Elham Hatef, MD, MPH MPH currently serves as the Chief Resident of the residency program. She earned her medical degree from the Tehran University of Medical Sciences, in Tehran, Iran and her Master in Public Health from the Johns Hopkins Bloomberg School of Public Health.
Dr. Hatef’s interest in medicine and public health has gradually developed over the course of last decade. During her years at medical school, she was involved in Students’ Scientific Research Center where she learned the first basic steps in public health and epidemiologic research. Over the course of her time there, she progressed from being a junior medical student and research scholar to one of the senior members of the central council. She also got involved in several epidemiologic studies on eye diseases at Eye Research Center, Tehran University of Medical Sciences and later on she was one of the founding members of the “Iranian Society for the Prevention of Blindness”, a non-governmental advocacy group. Upon completing her medical degree in Tehran she served as an emergency doctor in the only hospital with an inpatient facility in a town in the west of the Kurdistan Province of Iran located near the border with Iraq. Over a period of 16 months she managed to visit and supervise the delivery of health care services to approximately 5,000 patients at hospital outpatient and inpatient facilities.
Dr. Hatef moved to the United States in 2006, where she learned to conduct clinical research projects in ophthalmology from specialists and visual scientists at the M.D. Anderson Cancer Center. She continued to pursue these interests as a research postdoctoral fellow at Wilmer Eye Institute as well as an MPH student with a focus in Epidemiology and Biostatistics at the Johns Hopkins Bloomberg School of Public Health. She also worked in close contact with Cochrane Eye and Vision Group on the systematic reviews in the field of retinal diseases.
Prior to pursuing preventive medicine training, Dr. Hatef completed a preliminary year in internal medicine at the Yale-affiliated Griffin Hospital in Connecticut. During this time she continued working on her ongoing research projects in the filed of retinal imaging and uveitis. As a preventive medicine resident, Dr. Hatef’s academic work focused on global health, health system performance in the context of chronic eye diseases, and prevention of blindness. During residency she conducted a quality improvement project on diabetic eye examination for Medicaid population at East Baltimore Medical Center, one of the Johns Hopkins outpatient clinics in East Baltimore.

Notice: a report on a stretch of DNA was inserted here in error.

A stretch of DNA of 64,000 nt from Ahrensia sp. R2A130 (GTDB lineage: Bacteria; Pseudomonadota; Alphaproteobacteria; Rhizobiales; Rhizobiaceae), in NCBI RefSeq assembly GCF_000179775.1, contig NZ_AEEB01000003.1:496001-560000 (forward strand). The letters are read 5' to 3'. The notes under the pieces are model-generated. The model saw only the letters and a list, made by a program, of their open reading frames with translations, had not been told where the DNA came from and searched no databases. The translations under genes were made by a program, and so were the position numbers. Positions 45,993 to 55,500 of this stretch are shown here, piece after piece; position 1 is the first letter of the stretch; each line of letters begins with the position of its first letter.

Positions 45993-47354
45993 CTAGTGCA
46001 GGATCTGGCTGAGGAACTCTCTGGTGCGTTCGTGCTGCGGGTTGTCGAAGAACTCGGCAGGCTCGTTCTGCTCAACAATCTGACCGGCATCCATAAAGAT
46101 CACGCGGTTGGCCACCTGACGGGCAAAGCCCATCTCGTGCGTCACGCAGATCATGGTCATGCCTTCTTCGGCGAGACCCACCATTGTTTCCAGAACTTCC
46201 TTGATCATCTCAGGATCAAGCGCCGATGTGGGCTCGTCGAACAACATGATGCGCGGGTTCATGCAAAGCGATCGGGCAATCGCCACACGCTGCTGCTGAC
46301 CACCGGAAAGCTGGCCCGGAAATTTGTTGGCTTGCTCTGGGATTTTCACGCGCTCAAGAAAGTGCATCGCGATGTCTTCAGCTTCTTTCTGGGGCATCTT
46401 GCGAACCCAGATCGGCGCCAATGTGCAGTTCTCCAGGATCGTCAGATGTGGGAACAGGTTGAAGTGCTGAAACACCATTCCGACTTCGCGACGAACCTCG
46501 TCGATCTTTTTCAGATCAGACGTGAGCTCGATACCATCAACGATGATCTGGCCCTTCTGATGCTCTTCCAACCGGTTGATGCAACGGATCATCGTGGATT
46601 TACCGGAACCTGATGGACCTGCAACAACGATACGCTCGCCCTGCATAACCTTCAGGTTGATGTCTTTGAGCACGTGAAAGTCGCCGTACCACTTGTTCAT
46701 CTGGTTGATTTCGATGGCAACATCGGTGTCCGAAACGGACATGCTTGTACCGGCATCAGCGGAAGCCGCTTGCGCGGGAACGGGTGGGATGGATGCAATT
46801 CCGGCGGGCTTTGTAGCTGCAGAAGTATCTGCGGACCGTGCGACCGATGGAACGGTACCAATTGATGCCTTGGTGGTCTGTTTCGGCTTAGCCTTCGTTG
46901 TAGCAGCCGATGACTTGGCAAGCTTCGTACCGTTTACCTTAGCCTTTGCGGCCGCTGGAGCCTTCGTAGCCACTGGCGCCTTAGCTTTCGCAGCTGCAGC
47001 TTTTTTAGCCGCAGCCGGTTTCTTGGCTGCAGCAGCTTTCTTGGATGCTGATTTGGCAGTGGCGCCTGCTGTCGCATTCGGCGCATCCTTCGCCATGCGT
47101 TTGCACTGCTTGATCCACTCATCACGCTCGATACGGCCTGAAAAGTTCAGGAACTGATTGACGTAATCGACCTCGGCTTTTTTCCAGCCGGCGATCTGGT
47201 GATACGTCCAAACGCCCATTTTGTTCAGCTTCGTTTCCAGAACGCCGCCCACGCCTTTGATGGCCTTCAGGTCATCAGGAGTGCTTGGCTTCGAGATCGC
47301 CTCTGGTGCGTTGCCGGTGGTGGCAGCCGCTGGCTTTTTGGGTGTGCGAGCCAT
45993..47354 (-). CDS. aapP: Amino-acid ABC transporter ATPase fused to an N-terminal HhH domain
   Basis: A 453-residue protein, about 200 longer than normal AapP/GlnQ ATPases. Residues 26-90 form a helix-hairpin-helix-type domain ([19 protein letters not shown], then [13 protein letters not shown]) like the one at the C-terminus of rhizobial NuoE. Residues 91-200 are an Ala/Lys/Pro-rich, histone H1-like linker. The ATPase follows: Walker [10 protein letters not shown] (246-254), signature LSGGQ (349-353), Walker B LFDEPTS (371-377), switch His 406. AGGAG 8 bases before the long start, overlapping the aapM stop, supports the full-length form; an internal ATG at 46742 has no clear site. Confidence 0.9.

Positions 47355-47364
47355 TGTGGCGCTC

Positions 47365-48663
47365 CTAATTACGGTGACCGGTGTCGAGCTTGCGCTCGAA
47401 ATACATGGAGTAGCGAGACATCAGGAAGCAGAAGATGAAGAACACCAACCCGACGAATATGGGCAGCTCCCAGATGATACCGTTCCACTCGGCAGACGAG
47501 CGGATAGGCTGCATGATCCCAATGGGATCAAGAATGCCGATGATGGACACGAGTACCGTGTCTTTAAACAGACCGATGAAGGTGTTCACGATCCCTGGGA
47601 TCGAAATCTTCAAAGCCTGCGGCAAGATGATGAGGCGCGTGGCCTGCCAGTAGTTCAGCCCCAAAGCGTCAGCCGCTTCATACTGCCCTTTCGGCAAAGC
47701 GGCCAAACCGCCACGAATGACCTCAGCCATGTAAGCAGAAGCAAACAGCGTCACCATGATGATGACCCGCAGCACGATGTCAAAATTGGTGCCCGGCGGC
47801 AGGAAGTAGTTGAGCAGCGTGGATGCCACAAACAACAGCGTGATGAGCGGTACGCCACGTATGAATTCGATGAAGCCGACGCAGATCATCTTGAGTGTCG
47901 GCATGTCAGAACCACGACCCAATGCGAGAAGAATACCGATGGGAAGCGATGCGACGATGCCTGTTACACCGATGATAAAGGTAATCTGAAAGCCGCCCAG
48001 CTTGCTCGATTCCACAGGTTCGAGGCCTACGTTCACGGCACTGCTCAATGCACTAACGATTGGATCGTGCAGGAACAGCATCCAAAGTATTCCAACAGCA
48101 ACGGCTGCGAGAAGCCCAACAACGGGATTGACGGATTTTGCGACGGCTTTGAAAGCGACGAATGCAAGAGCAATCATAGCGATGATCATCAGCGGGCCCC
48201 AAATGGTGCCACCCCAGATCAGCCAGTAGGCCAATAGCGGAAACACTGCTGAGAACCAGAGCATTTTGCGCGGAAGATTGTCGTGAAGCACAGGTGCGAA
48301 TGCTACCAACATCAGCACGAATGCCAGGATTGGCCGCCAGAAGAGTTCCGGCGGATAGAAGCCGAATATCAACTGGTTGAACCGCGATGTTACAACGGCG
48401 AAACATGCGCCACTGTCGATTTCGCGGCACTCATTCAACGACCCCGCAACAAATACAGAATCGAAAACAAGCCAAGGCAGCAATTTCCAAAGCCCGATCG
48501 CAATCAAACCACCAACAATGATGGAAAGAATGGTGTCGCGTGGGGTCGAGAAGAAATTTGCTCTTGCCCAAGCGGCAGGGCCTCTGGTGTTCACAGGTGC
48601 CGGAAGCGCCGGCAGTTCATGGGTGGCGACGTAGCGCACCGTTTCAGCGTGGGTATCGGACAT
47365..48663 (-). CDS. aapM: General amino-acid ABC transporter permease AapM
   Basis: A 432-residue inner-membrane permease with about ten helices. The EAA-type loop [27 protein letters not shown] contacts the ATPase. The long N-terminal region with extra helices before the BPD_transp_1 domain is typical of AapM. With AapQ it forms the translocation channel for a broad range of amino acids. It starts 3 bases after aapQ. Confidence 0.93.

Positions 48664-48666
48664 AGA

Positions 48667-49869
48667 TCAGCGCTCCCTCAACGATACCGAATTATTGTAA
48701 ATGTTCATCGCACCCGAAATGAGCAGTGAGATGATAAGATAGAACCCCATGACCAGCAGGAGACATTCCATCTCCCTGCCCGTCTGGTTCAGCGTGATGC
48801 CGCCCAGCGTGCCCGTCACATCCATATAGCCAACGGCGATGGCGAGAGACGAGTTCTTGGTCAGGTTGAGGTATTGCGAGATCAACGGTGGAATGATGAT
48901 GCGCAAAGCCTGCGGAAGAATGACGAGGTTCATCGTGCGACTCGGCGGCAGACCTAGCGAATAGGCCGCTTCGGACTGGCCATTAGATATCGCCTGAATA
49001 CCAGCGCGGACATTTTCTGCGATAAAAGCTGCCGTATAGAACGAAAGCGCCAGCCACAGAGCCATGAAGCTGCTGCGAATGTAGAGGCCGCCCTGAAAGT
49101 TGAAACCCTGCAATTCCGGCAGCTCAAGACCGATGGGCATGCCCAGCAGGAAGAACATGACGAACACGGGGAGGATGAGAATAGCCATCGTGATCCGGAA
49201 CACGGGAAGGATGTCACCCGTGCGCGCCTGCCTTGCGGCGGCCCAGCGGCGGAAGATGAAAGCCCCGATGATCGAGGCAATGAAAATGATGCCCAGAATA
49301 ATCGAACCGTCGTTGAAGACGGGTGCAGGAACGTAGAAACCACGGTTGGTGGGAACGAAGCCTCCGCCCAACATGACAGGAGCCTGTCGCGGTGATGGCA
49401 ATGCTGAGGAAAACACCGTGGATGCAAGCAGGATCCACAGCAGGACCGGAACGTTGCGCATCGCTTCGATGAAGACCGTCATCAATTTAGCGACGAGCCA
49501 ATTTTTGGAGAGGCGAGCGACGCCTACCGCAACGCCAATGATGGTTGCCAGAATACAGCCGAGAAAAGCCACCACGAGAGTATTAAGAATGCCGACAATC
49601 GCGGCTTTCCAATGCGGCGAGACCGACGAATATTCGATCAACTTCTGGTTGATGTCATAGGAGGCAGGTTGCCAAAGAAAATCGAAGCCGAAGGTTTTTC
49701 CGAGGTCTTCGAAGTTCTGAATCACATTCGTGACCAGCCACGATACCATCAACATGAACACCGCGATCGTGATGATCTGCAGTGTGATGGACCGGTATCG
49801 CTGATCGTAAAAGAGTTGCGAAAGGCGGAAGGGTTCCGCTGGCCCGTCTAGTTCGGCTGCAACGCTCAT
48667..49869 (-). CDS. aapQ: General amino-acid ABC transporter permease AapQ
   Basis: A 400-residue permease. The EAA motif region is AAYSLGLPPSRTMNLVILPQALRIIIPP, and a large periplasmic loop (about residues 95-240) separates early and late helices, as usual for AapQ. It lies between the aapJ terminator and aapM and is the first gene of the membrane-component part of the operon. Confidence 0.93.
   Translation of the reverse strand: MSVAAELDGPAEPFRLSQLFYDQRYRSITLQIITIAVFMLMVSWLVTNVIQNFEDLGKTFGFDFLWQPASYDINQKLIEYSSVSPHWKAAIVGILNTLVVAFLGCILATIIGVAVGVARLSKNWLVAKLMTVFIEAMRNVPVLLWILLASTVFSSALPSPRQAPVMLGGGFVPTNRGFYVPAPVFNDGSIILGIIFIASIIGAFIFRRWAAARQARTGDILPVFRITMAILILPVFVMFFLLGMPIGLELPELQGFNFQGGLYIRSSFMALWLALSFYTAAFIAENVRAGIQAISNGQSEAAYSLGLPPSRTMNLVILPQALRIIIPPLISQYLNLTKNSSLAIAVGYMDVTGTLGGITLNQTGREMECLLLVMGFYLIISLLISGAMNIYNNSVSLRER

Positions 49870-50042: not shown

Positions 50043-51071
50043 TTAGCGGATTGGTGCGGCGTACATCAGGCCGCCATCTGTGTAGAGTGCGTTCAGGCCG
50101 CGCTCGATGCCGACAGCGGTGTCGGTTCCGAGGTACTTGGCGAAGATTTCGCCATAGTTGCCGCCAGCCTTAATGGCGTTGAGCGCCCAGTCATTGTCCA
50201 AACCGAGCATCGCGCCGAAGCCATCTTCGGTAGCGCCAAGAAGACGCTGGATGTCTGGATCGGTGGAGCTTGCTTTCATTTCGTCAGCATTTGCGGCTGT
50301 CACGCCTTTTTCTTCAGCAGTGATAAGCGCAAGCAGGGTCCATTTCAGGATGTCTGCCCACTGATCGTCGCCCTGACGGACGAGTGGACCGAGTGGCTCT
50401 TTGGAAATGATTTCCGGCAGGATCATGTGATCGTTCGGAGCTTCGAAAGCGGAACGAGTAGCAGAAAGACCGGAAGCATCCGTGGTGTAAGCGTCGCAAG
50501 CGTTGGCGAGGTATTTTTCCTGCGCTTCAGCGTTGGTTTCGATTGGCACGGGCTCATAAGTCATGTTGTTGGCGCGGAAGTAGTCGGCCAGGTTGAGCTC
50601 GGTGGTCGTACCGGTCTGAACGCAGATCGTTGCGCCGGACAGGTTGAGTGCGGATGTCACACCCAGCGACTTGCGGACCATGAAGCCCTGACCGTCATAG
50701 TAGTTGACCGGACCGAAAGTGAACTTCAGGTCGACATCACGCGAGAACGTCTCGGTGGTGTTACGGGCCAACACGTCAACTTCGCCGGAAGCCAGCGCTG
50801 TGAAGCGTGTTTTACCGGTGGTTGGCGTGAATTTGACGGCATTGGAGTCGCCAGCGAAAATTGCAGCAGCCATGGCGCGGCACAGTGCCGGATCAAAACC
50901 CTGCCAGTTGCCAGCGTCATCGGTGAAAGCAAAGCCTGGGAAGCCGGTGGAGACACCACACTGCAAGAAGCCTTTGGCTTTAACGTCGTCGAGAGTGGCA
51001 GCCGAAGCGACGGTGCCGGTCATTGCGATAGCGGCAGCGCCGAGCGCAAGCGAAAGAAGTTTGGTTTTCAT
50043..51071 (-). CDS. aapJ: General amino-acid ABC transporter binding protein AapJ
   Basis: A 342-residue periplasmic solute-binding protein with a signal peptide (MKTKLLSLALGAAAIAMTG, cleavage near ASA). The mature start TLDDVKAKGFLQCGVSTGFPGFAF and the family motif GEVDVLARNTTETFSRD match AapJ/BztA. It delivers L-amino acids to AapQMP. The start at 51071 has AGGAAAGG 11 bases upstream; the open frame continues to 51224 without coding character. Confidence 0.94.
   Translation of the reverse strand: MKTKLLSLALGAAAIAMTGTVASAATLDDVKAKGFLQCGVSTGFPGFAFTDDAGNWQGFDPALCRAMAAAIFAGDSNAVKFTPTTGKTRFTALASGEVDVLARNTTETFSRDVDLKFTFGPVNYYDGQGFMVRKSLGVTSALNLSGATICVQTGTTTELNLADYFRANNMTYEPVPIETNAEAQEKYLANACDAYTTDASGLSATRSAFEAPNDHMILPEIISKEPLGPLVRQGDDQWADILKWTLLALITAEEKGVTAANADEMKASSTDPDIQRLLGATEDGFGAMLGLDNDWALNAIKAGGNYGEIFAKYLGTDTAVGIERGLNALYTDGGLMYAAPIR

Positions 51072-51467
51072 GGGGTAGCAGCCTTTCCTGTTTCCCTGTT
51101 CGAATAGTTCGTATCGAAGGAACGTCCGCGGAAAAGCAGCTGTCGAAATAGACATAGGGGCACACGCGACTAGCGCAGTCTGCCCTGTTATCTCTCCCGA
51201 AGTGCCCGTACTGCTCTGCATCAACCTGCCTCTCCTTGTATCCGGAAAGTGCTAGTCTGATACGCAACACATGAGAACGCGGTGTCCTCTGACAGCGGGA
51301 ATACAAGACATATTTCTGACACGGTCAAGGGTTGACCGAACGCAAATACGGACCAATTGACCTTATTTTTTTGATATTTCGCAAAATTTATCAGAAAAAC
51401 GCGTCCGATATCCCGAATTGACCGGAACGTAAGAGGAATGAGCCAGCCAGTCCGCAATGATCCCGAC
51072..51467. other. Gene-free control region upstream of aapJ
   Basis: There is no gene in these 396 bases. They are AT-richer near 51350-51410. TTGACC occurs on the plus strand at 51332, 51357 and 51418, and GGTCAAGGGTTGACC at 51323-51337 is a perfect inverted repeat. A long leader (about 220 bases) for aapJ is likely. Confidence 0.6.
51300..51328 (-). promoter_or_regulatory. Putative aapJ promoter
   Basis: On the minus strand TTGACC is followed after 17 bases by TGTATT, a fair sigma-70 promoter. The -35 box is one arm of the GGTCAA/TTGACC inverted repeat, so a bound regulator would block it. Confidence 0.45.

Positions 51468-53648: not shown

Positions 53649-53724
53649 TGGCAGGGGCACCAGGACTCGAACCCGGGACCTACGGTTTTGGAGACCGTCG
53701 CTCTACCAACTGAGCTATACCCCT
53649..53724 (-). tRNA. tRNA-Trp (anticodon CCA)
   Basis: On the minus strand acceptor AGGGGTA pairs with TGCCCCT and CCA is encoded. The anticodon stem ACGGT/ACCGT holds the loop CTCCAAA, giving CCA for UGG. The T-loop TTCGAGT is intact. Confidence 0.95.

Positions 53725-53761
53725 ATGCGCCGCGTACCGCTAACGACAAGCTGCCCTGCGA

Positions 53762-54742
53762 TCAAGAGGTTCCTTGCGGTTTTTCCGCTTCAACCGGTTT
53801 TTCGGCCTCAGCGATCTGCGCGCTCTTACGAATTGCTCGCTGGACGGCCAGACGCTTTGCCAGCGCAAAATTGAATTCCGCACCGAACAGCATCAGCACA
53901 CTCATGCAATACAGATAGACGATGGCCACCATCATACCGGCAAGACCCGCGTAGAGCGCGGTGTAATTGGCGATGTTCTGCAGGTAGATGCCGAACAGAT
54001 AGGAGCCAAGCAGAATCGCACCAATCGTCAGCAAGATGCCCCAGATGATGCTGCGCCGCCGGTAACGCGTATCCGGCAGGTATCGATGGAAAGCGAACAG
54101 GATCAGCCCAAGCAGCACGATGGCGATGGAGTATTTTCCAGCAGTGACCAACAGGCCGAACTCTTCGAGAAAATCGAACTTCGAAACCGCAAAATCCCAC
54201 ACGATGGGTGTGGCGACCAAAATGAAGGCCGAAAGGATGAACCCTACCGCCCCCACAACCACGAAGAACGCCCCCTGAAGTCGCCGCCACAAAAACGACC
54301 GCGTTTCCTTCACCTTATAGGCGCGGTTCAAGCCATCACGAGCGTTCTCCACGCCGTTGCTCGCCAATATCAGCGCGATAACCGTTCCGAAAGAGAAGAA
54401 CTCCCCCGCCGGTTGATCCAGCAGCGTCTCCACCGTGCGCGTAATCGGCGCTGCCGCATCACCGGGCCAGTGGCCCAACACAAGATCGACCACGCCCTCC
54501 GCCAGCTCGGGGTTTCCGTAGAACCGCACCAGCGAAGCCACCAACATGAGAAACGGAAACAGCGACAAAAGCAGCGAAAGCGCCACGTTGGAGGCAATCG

Her practicum rotations included work on the Prevention of Blindness Program with the World Health Organization in Geneva, Switzerland; evaluation of diabetic eye exam initiative with Johns Hopkins HealthCare, the managed care organization at Johns Hopkins Medical Institute; evaluation of integrative medicine curriculum among preventive medicine residency programs with the American Collage of Preventive Medicine; establishment of syndromic surveillance system for environmental health with the Maryland Department of Health and Mental Hygiene; and the assessment of food bank donations and the effect of incentives on donation patterns across the US with the Center for a Livable Future at the Johns Hopkins Bloomberg School of Public Health. During residency Dr. Hatef was elected as Vice President for Communication with the American College of Preventive Medicine’s Resident Physicians Section. Throughout residency she also worked on ongoing research projects at Wilmer Eye Institute and with the Eye Research Center at Tehran University of Medical Sciences.
In addition to her responsibilities as Chief Resident, Dr. Hatef continues to work with Johns Hopkins HealthCare and East Baltimore Medical Center on diabetic eye exam and with Eye Research Center at Tehran University on national burden of eye diseases.